• The <partnership> stanza is used to determine where to send documents that are being traded. There will be two of these nodes to trade to a partner and from a partner. The two significant attributes are as2_url and as2_mdn_to. Both are in the format of a URI, with the values being the target to send the message to:
<partnership name="myPartner-myCompany">
<sender name="myPartner"/>
<attribute name="protocol" value="as2"/>
<attribute name="subject" value="From myPartner to myCompany"/>
<attribute name="as2_url" value="http://localhost:10080"/>
<!-- This value is from the myCompany.xml file -->
<attribute name="as2_mdn_to" value="http://localhost:10081"/>
<!-- This value is from the myCompany.xml file -->
<attribute name="as2_mdn_options" value="signed-receipt-protocol=optional,
pkcs7-signature; signed-receipt-micalg=optional, sha1"/>
<attribute name="encrypt" value="3des"/>
<attribute name="sign" value="sha1"/>
</partnership>

myCompany.p12 (or partner.p12)

This SSL key store is just a normal key store used by Java. It contains one self-signed certificate (for myCompany) and a signer certificate (for myPartner).

commands.xml

This file is taken from the OpenAS2 distribution and does not change, so we will not discuss it further.

## Part 5. Trading using OpenAS2 and a DataPower XB60

In this part you configure an XB60 to act as myCompany and use OpenAS2 to act as the trading partner myPartner. The model is shown below. There are two scenarios:

1. An inbound flow: myPartner (OpenAS2) sends a document to myCompany (XB60) and it is delivered to a back-end using FTP. FileZilla server is used as a simple FTP server to accept the document.
2. An outbound flow: myCompany (XB60) receives a document via HTTP and sends it using AS2 to myPartner (OpenAS2).

### Overview of build

1. Create the myParter configuration for OpenAS2.
2. Upload the myParter signer certificate to the XB60 and create a crypto object for it.
3. Create a crypto key on the XB60 for myCompany
4. Download the myCompany signer certificate from the XB60 to the myPartner folder.
5. Import the myCompany signer certificate into the myProfile.p12 file in OpenAS2.
6. Create a myCompany (internal) profile on the XB60 using the generated certificate and an FTP back-end destination.
7. Create a myPartner (external) profile on the XB60 using the uploaded myPartner signer certificate and an AS2 back-end destination.
8. Create a B2B gateway for these profiles with an AS2 front-side handler.

## 1. Create myParter configuration for OpenAS2

You will need the myPartner folder from the zip file installed in OpenAS2. You do not need the myCompany part for OpenAS2 because that will be replaced by the XB60. Edit the partnerships.xml file and replace the value for localhost with the IP address of your XB60. You only need to do this in the <partnership name="myPartner-myCompany"> stanza.

Once you have created the myCompany profile on the XB60, you need to change the myPartner.p12 file. You also need the myPartner.crt signer certificate in the SSL folder of the ZIP file to upload to the XB60.

## 2. Upload myParter signer certificate to XB60 and create crypto object for it

In the XB60 GUI, navigate to Administration => Miscellaneous => Crypto Tools and click on the Import Crypto Object tab. Click the Upload button and browse to the myPartner.crt file in the unzipped files SSL folder. Once the upload is complete, select it in the "Input File Name" drop down list, enter "myPartnerCert" for the Object Name, and click Import Crypto Object. You will use this object later when you create the myPartner external profile on the XB60.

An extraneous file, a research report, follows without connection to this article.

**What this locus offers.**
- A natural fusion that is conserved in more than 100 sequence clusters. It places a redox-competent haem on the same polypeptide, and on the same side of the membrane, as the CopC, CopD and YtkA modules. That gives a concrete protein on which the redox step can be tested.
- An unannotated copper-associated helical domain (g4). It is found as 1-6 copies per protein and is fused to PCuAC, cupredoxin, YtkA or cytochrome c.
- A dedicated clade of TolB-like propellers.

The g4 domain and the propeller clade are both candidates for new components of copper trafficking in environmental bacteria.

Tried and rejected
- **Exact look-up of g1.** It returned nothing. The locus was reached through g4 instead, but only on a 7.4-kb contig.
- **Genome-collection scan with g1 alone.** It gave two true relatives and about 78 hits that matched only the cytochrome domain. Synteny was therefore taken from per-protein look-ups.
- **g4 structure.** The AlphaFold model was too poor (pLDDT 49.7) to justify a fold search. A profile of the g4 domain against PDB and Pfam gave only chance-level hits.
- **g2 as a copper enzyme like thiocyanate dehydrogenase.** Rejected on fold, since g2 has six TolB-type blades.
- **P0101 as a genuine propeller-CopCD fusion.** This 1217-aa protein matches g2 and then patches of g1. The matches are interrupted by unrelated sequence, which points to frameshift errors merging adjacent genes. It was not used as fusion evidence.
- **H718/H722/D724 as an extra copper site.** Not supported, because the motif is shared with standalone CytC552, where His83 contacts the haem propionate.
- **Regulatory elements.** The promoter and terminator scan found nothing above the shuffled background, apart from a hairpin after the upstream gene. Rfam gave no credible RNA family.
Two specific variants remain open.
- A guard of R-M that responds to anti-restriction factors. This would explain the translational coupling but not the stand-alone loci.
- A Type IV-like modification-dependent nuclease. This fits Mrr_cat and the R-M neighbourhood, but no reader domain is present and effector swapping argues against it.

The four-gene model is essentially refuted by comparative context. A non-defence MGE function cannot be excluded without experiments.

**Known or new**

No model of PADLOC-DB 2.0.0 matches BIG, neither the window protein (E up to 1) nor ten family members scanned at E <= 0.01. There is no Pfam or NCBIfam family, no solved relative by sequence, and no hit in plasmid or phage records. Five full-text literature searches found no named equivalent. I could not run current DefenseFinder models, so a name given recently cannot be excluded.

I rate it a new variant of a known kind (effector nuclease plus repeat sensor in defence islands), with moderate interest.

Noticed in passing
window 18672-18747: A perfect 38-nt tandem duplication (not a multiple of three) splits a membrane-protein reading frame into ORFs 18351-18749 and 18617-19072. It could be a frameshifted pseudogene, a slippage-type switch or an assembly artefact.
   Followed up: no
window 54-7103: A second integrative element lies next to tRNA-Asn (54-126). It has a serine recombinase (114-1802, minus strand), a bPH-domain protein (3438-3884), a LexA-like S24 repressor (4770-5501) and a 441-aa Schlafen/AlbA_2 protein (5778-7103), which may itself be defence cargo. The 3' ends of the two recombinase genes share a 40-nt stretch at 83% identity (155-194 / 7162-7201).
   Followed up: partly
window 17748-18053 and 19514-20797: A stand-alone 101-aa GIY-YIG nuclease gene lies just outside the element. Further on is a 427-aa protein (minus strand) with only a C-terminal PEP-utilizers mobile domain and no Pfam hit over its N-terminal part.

Make sure that the dates are ignored since you are only using a test rig. Navigate to Objects => Crypto Configuration => Crypto Certificates and click on myPartnerCert. Edit the panel and set Ignore Expiration Dates to On and then click Apply. Save your configuration:

## 3. Create a Crypto-key on the XB60 for myCompany

In the XB60 GUI, navigate to Administration => Miscellaneous => Crypto Tools and generate a certificate for myCompany using the password passw0rd, as shown below. The "State or Province," "Locality," and "Organization" do not matter. Enter your values and click Generate Key:

##### Figure 13. Creating the myCompany crypto key

Once you have created the crypto key, you will find the following files in the temporary:/// folder: myCompany-privkey.pem, myCompany-sscert.pem, and myCompany.csr. Download the myCompany-sscert.pem file to your OpenAS2 myPartner folder.

## 5. Import myCompany signer certificate into myProfile.p12 file in OpenAS2

On the OpenAS2 side, you now have a certificate file called myPartner.p12 with the wrong myCompany certificate in it. Replace it with the one downloaded from the XB60. Start the OpenAS2 software in the myPartner folder and issue the following commands: (in bold):

##### Figure 14. Import myCompany certificate
Staring OpenAS2 with file myPartner.xml
OpenAS2 v0.9
Starting Server...
Registering Session to Command Processor...
Starting Active Modules...
OpenAS2 Started
07/12/10 15:15:51 OpenAS2Server: - OpenAS2 Started -

#>cert list
OK:
myPartner
myCompany

#>cert delete myCompany
OK:
deleted myCompany

#>cert import myCompany myCompany-sscert.pem
OK:
Certificate(s) imported successfully
...
(output truncated for brevity)
...
#>cert list
OK:
myPartner
myCompany

#>exit

## 6. Create myCompany (internal) profile on the XB60 using the generated certificate and an FTP back-end destination

1. In the XB60 GUI, click B2B Partner Profile and create an internal profile called myCompany. In the Main tab, enter the Partner Business IDs:
##### Figure 15. myCompany Internal Profile Main tab
2. On the AS Settings tab, create "Inbound Decryption Identification Credentials" and "Signing Identification Credentials" by clicking + and using the key you generated earlier:
##### Figure 16. myCompany AS Settings tab
3. On the Destinations tab, you need to create a back-end to the FTP server of your choice. Since this is only a test scenario, you can specify the filename to save the document. In the real world you would expand Enable Advanced AS3/FTP Settings and click Generate unique filename on trailing slash, provided your FTP server supports the STOU command:
##### Figure 17. myCompany Destinations tab
4. After you click Apply within the tab, you will see the following summary:
##### Figure 18. myCompany Destinations tab complete
5. Click Apply at the top of the page to create your internal profile and save your changes.